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Math Help - Proof that 1 = 2

  1. #16
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    Quote Originally Posted by TheAbstractionist View Post
    Here is one.

    \cos^2x-\sin^2x\ =\ \cos2x (identity)

    \cos^2x\ =\ \cos2x+\sin^2x (rearramging)

    \cos x\ =\ \sqrt{\cos2x+\sin^2x} (taking square root)

    \cos\frac{3\pi}4\ =\ \sqrt{\cos\frac{3\pi}2+\sin^2\frac{3\pi}4} (substituing x=\frac{3\pi}4)

    -\frac1{\sqrt2}\ =\ \sqrt{0+\frac12}=\frac1{\sqrt2} (evaluating the substitution)

    -\frac12\ =\ \frac12 (multiplying both sides by \frac1{\sqrt2})

    1\ =\ 2 (adding \frac32 to both sides)
    Quite late , but this proof is incorrect simply due to the fact that in the second quadrant (\frac{\pi}{2} \leq \theta \leq \pi), the result is negative (meaning cosx = -\sqrt{cos2x+sin^2x} ), but you used the positive result.
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  2. #17
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    Quote Originally Posted by paulrb View Post
    Are there any 1=2 "proofs" that do not involve dividing by zero? I am trying to think of other mathematical rules that can be broken to derive such a proof.
    Irrational number - Wikipedia, the free encyclopedia

    I saw this the other day. Look under the "History" section. Hippasus' proof that an odd number is even. It's not exactly the same as a 1=2 "proof," but is at the very least relevant to what you are touching upon here.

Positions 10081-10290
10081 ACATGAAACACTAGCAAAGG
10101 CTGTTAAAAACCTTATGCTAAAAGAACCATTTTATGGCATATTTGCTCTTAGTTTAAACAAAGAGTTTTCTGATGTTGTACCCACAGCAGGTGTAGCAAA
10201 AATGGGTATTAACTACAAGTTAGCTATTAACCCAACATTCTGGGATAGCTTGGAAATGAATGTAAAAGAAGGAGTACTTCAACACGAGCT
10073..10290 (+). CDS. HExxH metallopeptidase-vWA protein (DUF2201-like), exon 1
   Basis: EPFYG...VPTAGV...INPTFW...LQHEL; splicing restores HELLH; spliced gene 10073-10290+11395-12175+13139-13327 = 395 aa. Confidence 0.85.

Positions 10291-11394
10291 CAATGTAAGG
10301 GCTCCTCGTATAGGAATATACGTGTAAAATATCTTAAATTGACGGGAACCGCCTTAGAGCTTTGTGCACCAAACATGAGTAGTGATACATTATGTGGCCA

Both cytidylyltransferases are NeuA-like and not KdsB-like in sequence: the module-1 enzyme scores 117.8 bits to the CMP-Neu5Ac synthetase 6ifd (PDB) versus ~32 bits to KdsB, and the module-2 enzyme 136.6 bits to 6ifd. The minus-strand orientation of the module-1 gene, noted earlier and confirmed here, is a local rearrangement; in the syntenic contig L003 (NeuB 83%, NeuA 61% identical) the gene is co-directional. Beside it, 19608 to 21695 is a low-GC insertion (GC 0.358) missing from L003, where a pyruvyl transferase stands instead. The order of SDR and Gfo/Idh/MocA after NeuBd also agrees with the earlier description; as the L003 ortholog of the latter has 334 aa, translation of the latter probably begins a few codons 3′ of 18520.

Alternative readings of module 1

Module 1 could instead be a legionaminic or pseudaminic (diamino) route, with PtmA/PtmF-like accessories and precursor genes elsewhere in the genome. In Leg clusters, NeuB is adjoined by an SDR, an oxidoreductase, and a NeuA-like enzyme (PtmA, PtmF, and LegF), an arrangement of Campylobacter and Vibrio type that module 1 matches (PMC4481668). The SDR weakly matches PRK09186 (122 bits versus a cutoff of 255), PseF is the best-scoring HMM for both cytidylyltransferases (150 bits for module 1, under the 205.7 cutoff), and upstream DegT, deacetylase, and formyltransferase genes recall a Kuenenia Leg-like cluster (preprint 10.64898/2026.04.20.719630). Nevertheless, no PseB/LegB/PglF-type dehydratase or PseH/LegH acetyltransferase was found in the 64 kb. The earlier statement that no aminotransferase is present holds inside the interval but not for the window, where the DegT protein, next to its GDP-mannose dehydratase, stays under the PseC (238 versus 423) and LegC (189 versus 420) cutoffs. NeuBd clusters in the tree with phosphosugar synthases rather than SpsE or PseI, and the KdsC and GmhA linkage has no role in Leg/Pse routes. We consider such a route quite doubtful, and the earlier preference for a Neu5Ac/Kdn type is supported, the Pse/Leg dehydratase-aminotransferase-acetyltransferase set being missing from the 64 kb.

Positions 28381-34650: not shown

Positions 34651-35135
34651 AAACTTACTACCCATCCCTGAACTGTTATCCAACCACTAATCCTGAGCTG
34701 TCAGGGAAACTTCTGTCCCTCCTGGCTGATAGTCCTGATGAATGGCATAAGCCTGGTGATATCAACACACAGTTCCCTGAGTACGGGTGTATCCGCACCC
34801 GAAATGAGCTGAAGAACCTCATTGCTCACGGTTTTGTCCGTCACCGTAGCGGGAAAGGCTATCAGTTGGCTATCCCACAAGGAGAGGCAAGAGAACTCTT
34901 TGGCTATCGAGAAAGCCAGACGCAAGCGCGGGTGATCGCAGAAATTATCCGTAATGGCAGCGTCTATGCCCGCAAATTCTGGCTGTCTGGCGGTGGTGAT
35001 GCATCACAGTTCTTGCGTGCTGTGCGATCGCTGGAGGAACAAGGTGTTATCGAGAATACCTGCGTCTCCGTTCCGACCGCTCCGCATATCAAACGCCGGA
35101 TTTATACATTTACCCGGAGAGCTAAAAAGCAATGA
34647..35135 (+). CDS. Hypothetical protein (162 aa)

It's worth mentioning that--if I've understood correctly--a major difference is that Hippasus's proof is valid. No fallacies in logic can be pointed out as in the examples here. I therefore speculate that it is conceivable that a valid 1=2 proof can exist, and that it would merely prove, as Hippasus' proof does, that irrational numbers exist.

    My speculation is probably totally hare-brained though, as I am not a real mathematician.
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  3. #18
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    Quote Originally Posted by rainer View Post
    Irrational number - Wikipedia, the free encyclopedia

    I saw this the other day. Look under the "History" section. Hippasus' proof that an odd number is even. It's not exactly the same as a 1=2 "proof," but is at the very least relevant to what you are touching upon here.

    It's worth mentioning that--if I've understood correctly--a major difference is that Hippasus's proof is valid. No fallacies in logic can be pointed out as in the examples here. I therefore speculate that it is conceivable that a valid 1=2 proof can exist, and that it would merely prove, as Hippasus' proof does, that irrational numbers exist.

    My speculation is probably totally hare-brained though, as I am not a real mathematician.
    Actually, in his proof he assumes (in contradiction), that there are no irrational numbers. He then reaches a cotradiction - that the number b, which he specified, must be both even and odd, however no such number exists. therefore, the claim that there are no irratioal numbers is false.
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  4. #19